Lorries carry a deadly cargo: Cost-cutting haulage companies breach safety laws

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The Independent Online
MORE than half the vehicles carrying hazardous cargoes such as explosives, acids, and chemicals on Britain's roads breach safety regulations.

In tests on the M62 near Manchester last month more than 60 per cent of the tankers and vans stopped had defects. The Health and Safety Executive calculate that up to two- thirds of all hazardous substances are transported through this region.

The police fear the problem is getting worse as unscrupulous haulage operators, fighting to survive the recession, cut costs and ignore safety procedures.

The majority of faults found by health and safety officers and the police are considered to be relatively minor, such as unqualified drivers, incorrect labelling of dangerous goods and failure to have documents about the cargo. Others are more serious. They include: corroded and faulty equipment which has resulted in chemicals escaping or leaking on to the motorway, dangerously stored goods, and failure to carry fire-fighting equipment.

Earlier this year a military tanker was found leaking helicopter fuel on to the hard shoulder of the M62 between Manchester and Warrington. At about the same time a police officer and a driver were taken to hospital after they were overcome by fumes from chemicals leaking from a vehicle travelling on the M602, Greater Manchester.

Hazardous substances that are transported by road include chlorine and ammonia, which produce poisonous gas when exposed to air; toxic materials such as arsenic and cyanide; hydrochloric acid which can cause severe burns; and wastes from chemical plants. Petrol and liquid gas are among the most common dangerous goods.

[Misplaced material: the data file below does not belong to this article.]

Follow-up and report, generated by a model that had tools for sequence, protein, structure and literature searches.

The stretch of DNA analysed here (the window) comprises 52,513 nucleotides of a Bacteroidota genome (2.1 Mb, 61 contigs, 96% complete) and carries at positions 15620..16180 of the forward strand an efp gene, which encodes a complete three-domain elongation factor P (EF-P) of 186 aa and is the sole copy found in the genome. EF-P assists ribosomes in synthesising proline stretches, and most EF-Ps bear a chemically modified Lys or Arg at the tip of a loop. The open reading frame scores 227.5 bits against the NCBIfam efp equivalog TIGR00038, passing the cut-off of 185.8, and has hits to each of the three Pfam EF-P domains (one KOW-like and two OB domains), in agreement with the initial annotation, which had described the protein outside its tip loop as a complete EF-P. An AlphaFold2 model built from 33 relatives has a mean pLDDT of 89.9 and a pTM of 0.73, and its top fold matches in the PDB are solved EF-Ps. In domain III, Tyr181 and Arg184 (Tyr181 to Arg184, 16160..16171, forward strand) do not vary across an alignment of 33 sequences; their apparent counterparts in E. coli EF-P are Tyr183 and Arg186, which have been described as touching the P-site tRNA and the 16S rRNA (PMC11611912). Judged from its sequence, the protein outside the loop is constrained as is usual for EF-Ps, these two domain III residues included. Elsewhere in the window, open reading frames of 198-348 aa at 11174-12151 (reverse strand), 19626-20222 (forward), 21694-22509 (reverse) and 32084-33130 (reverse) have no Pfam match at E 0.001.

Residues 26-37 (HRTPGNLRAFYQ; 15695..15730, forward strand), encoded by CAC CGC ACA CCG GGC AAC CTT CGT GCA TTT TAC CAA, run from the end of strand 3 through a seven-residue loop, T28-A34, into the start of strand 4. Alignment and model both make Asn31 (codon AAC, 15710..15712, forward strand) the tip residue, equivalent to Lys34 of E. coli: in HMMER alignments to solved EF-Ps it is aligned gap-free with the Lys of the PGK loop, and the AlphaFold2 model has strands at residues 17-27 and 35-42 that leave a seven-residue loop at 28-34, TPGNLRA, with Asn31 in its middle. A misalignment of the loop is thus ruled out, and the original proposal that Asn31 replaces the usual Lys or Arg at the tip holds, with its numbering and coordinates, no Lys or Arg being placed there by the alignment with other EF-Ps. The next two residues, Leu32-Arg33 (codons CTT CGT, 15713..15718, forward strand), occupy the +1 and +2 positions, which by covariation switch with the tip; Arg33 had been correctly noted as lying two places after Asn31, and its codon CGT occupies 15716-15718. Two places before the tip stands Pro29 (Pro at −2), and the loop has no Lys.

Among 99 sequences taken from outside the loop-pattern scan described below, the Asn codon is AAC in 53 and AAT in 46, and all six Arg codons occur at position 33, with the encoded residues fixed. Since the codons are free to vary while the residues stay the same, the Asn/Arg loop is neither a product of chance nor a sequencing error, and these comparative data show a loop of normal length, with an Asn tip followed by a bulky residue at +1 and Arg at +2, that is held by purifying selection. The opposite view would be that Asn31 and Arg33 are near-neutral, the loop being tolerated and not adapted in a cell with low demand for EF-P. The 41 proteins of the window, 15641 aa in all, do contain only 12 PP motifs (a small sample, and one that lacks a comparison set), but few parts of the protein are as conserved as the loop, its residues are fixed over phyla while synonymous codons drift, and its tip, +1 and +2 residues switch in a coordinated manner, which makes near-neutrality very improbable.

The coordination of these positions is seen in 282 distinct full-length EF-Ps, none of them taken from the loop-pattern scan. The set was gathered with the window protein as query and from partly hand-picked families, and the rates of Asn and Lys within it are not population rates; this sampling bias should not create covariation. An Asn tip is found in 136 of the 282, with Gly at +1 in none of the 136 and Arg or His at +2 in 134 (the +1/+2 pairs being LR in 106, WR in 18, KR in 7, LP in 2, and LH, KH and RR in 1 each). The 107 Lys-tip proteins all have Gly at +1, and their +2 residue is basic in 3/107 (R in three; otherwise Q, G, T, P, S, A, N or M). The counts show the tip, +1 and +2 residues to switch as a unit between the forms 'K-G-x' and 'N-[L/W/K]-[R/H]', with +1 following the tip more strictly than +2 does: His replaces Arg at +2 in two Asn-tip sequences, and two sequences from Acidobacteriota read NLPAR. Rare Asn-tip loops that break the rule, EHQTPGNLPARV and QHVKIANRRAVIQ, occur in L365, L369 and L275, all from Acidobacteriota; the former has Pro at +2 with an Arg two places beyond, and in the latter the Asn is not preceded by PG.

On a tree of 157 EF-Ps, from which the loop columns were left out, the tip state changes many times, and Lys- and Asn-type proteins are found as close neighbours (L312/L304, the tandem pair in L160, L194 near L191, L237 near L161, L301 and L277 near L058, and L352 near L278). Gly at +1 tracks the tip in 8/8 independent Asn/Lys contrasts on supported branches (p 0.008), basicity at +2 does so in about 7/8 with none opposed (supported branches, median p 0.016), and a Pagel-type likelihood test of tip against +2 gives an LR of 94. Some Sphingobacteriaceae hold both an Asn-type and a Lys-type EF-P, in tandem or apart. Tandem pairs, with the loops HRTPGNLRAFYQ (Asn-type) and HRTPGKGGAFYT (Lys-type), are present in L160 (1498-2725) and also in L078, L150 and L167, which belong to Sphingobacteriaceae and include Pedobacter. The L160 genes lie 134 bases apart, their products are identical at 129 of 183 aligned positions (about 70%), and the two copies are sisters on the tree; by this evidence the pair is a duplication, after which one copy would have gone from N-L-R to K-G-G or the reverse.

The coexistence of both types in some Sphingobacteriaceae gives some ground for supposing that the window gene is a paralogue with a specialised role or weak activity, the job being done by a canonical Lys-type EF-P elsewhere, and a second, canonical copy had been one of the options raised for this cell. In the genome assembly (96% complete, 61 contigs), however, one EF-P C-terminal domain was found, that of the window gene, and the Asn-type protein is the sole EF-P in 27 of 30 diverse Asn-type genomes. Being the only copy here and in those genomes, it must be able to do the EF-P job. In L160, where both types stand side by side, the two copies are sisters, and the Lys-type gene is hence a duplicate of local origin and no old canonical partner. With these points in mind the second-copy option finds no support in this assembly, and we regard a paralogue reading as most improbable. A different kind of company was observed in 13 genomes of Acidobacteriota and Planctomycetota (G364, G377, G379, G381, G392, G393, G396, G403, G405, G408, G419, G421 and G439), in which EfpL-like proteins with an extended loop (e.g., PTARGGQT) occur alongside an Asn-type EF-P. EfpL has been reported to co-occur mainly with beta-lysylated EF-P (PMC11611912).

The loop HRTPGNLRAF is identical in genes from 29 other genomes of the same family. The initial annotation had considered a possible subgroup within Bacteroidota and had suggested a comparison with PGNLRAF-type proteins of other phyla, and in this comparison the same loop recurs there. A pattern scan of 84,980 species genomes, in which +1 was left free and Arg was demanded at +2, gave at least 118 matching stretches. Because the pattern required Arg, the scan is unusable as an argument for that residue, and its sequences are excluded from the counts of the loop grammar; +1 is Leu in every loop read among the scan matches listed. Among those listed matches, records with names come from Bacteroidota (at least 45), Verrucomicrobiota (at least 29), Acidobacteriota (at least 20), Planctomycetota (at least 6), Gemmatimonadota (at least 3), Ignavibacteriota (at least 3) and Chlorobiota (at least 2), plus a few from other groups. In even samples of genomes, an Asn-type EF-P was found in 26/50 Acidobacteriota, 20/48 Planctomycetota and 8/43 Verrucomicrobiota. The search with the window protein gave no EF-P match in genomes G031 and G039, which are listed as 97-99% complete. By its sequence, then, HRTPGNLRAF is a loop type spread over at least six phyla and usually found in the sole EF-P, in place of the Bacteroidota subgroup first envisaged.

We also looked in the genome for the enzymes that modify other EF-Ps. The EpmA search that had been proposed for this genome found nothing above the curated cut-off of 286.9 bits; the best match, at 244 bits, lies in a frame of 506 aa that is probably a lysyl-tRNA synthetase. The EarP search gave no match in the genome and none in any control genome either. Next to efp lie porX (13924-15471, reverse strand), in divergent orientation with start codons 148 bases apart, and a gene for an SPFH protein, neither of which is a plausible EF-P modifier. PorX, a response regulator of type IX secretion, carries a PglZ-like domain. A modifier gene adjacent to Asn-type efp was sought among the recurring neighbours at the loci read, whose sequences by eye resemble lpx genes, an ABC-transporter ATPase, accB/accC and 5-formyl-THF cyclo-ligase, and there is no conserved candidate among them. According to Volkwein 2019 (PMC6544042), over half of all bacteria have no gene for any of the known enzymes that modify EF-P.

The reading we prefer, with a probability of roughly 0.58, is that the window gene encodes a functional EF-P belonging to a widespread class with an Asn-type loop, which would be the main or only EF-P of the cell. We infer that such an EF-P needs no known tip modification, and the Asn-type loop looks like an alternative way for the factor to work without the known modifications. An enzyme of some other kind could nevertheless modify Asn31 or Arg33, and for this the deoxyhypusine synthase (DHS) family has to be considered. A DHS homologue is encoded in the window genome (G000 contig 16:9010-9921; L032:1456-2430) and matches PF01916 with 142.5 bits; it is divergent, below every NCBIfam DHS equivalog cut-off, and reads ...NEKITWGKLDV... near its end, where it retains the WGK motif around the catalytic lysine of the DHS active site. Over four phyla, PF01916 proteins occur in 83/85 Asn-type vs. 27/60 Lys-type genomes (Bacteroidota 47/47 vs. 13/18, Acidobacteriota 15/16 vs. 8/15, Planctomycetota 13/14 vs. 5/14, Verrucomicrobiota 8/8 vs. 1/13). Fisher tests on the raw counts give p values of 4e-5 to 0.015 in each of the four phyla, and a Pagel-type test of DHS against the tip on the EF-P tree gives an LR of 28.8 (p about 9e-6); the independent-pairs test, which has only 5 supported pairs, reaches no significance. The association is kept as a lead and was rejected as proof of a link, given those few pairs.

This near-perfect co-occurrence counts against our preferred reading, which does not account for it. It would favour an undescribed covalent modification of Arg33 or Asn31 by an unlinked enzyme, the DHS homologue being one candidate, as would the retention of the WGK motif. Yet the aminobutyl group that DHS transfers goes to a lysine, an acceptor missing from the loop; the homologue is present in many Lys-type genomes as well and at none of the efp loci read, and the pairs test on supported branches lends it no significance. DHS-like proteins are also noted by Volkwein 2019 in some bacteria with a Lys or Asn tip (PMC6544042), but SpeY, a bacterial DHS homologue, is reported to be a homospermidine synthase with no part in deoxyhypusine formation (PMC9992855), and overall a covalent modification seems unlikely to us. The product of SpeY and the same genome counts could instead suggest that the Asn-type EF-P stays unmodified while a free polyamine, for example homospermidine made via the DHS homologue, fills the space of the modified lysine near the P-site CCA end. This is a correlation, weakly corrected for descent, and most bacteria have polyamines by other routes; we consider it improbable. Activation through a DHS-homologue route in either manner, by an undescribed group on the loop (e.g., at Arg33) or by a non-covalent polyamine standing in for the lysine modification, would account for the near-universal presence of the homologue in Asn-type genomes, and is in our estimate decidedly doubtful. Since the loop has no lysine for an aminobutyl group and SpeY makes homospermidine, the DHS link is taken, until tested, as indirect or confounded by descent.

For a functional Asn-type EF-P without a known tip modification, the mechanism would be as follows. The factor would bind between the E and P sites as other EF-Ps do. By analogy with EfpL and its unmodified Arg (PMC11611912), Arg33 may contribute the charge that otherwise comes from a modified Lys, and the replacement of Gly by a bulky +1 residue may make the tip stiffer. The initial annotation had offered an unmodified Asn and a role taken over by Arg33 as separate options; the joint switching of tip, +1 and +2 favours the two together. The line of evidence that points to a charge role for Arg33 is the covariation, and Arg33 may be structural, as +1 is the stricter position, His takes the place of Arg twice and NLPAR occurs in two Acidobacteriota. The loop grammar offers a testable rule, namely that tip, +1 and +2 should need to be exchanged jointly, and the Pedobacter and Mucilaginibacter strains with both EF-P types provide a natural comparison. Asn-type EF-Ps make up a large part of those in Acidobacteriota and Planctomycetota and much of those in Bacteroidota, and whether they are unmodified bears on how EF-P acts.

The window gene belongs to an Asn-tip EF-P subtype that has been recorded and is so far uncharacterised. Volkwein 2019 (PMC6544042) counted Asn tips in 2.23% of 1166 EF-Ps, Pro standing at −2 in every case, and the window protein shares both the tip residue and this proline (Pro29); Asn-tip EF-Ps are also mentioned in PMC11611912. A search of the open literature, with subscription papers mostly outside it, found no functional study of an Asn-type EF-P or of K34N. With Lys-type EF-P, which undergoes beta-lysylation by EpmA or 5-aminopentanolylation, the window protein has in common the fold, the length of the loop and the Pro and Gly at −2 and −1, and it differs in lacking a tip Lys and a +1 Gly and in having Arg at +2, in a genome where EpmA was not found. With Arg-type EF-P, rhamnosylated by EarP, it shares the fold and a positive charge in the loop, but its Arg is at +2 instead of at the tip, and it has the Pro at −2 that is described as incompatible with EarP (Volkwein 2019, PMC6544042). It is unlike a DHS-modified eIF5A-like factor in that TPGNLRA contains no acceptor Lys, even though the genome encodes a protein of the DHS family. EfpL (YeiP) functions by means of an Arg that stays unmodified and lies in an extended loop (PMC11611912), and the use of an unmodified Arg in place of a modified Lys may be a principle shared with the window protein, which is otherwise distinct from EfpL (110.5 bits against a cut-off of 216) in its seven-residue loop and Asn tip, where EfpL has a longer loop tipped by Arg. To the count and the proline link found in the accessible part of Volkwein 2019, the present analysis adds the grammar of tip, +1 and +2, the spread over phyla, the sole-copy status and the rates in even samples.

About three weeks ago checks were made at two sites, near Rochdale and Eccles on the M62 which links Hull to Manchester. Forty-seven of the 74 vehicles inspected registered offences. Of these, 23 were in connection with not carrying safety equipment or labelling - seven failed to display orange hazardous warning plates. Three were prevented from moving further. One was carrying 23 tons of ammonium nitrate, which is used in explosives, but failed to have a fire extinguisher.

An HSE spokesman said: 'I'm disgusted that despite all our efforts the regulations and public safety are being so blatantly ignored by a number of operators in the North-west.'

Chief Inspector Neil Longsden, of Greater Manchester Police's motorway group, said: 'Dangerous goods that are not labelled or properly identified put the lives of firemen and motorists at risk.

'The large operators are extremely responsible, but at the bottom end of the market some cut costs by reducing maintenance, and ignoring safety and training. They are cutting corners left, right and centre.'

In November last year at Bradford magistrates court, F T Morrell, a haulage firm, and New Plan Furniture, a furniture manufacturer, were both fined pounds 2,050, with pounds 300 costs, after an unventilated van was stopped on the M62 and found to contain several open drums with highly inflammable solvents inside. The police reported vapour 'pouring' out of the back of the closed van.

At Bury magistrates in February, Fragrant Oils International, of Radcliffe, Greater Manchester, was fined pounds 400 for operating a vehicle without a trained driver, a fire extinguisher, orange cargo information plates and a trem (information) card.

Some drivers have told police that when they complain about dangerous conditions their bosses threaten them with the sack.

In one recent case an employer advised a driver to continue with his journey after the driver had reported the emission of white vapour from his load of aluminium off-cuts, even though this meant going through a city centre.

Cleveland police force, which runs the only national course on hazardous chemicals, makes at least one big roadside inspection each month as well as smaller, more frequent checks. They find that about half the vehicles

examined have defects. This figure on roadside checks is confirmed nationally by the HSE.

Peter Morgan, a HSE spokesman, said: 'The cowboy end of the market is the real problem rather that the blue chip companies.' He said the main areas for transportation were in the North-west and North-east of England, Fawley in Hampshire and Canvey Island, Essex - areas where the big refineries and chemical plants are located.

He added that most of the HSE inspections are done at the haulage firm depots - although not all the operators are known because they do not have to register with the HSE.

Tony Cook, controller for hazardous goods at the Road Haulage Association, believes recent changes in the law have confused some operators. New European Community safety measures are to be introduced by 1995, including retraining for tanker drivers.

(Photograph omitted)